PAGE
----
Tag Archive - scene structure

How to Hook Readers and Reel Them into Your Scenes

We toss around the word hook when we talk about stories. What’s the hook? we ask. Sometimes we’re talking about the overall premise: what component to the story idea is unique, compelling, intriguing. Othertimes we’re talking about the first few lines of a novel (or first line) that is to be crafted in a way to grab readers and make them want to read more.

But that’s not all the hooks we need. We’re on the hook for coming up with great openings for every scene we write. Sure, novels don’t have a killer first-line hook for every scene, but we certainly want to open each scene strong.

That usually means ditching explanation and backstory and dull description of place and weather. Instead, a more effective way to hook readers into a scene is to consider these things:

  • The tone or mood you need to set that implies the POV character’s state of mind and emotion.
  • The situation you can insert your character into that is already underway in an interesting manner (in other words, don’t start scenes with your character waking up, then brushing his teeth, then getting dressed, for example).
  • Some element of mystery or microtension that creates curiosity.

Sure, a catchy first line or paragraph is helpful to hook readers, but you can’t always be that snappy with every scene opening, nor would it be a good idea. Continue Reading…

Keys to Moving Your Plot Forward

I tell writers often they are failing to “advance their plot.” What does that mean, and why does it matter?

I keep seeing novels that “land on my desk” that start off with a great situation but then veer off into the hinterlands. Other novels don’t even get out the gate. The opening scenes seem to have nothing to do with the premise of their story. I’ll go back and reread a synopsis and shake my head. Where is the premise setup? Who exactly is the protagonist?

This is such a problem that I’m going to share some points from a post I wrote two years ago on the topic.

If your scenes aren’t “advancing the plot,” you have a serious problem.

Each scene should reveal some new information, but not just anything—the information needs to help move the plot forward. The bottom line? Every scene must have a point to it or it shouldn’t be in your novel. Continue Reading…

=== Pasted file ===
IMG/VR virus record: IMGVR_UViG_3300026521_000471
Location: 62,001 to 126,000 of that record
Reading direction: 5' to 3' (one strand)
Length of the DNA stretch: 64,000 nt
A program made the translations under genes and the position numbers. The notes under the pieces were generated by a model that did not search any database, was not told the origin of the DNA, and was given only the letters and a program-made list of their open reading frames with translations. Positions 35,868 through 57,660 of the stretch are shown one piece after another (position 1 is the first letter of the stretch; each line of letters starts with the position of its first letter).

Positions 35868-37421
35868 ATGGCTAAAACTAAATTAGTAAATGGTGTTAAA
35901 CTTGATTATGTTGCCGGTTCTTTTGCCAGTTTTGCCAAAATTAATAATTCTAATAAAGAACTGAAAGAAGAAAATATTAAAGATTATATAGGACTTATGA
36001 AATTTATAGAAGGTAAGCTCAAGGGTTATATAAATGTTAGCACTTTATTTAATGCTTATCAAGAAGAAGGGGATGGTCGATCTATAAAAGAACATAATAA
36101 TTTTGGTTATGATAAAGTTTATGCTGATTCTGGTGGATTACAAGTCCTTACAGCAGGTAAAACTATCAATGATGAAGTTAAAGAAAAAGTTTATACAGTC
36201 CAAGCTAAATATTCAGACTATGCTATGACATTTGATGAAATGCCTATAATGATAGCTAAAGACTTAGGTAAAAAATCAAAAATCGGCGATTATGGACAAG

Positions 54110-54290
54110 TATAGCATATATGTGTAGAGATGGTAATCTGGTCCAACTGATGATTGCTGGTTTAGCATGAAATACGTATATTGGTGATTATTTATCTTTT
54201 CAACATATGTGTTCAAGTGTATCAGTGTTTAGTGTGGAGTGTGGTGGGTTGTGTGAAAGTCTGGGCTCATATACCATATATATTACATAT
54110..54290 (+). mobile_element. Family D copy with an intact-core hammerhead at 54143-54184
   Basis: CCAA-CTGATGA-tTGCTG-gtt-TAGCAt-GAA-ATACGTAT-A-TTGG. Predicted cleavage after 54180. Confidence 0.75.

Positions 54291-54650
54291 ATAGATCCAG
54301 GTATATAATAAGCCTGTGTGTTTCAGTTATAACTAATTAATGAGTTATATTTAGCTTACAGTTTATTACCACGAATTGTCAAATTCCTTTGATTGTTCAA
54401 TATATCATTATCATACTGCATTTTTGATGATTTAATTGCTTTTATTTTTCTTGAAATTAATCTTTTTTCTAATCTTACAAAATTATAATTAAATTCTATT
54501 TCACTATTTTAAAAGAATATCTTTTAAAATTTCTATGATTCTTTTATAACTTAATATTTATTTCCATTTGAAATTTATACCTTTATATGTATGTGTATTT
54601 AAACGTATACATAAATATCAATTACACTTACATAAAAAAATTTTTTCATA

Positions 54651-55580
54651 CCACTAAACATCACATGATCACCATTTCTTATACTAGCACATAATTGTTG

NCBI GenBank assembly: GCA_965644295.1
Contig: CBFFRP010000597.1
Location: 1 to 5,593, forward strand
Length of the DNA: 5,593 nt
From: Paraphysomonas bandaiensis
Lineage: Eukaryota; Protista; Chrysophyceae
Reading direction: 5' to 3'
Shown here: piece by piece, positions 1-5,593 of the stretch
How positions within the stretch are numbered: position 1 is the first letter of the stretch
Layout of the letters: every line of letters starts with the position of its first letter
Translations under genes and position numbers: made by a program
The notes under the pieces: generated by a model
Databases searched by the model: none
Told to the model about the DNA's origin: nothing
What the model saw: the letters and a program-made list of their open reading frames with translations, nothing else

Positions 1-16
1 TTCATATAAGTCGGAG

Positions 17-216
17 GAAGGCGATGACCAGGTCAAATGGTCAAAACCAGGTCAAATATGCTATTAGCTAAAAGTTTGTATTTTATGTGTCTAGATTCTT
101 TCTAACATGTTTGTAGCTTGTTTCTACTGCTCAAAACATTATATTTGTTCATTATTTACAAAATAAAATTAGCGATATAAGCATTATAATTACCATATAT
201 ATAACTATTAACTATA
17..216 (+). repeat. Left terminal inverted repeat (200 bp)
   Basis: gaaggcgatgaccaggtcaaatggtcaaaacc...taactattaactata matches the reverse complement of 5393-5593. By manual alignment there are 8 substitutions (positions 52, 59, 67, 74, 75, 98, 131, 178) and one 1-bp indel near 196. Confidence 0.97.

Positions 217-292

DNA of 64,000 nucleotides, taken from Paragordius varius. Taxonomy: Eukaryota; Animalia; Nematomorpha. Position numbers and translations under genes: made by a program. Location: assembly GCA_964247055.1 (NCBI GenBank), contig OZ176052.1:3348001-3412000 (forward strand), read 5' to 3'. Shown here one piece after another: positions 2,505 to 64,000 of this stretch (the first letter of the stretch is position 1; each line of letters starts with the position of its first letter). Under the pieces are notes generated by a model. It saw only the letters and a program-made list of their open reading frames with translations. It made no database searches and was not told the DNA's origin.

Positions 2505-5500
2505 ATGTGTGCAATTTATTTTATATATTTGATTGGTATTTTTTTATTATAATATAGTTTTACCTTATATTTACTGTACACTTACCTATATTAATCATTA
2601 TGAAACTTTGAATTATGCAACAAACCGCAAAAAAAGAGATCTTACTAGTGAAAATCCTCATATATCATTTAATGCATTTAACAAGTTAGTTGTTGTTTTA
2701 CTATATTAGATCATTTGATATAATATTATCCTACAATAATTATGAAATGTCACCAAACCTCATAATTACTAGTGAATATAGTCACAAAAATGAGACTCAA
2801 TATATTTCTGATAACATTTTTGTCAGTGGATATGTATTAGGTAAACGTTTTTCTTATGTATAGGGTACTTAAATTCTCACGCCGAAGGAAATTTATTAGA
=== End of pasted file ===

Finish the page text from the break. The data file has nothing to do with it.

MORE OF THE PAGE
Start the New Year with a Comprehensive Scene Outline

I wrote this post a year ago, and since I did this series on scene outlines, I’ve had dozens of writers over 2017 hire me to critique their outlines.

What have I seen? That writers who take the time to do a thorough scene outline, and who study books like Layer Your Novel, to ensure they what scenes are needed in a novel and where they go, end up with extremely well-structured novels. That is, after they have me critique them.

A lot of the outlines I work on are a mess. Writers need a lot of help, a lot of direction. Even if you know basically what scenes will make up a strong story, it’s still not easy to tell if you have all you need and in the right places. And it helps to have someone else take a look and throw suggestions at you, ways to make your story better.

That’s what the scene outline critique is all about. So I’d like to encourage you to get a scene outline critique. Read on and learn what this is all about. Also do a search on my blog for “scene outline” and you’ll see a lot of other posts that will help you.

Hire me. I charge by the hour, and I feel this is the best use of your money. You’ll get a lot of help for a small cost. Why spend thousands of dollars on a full critique that may tell you, in essence, that your structure is a mess and you need to round file the whole project?

I’m all about saving time! Continue Reading…

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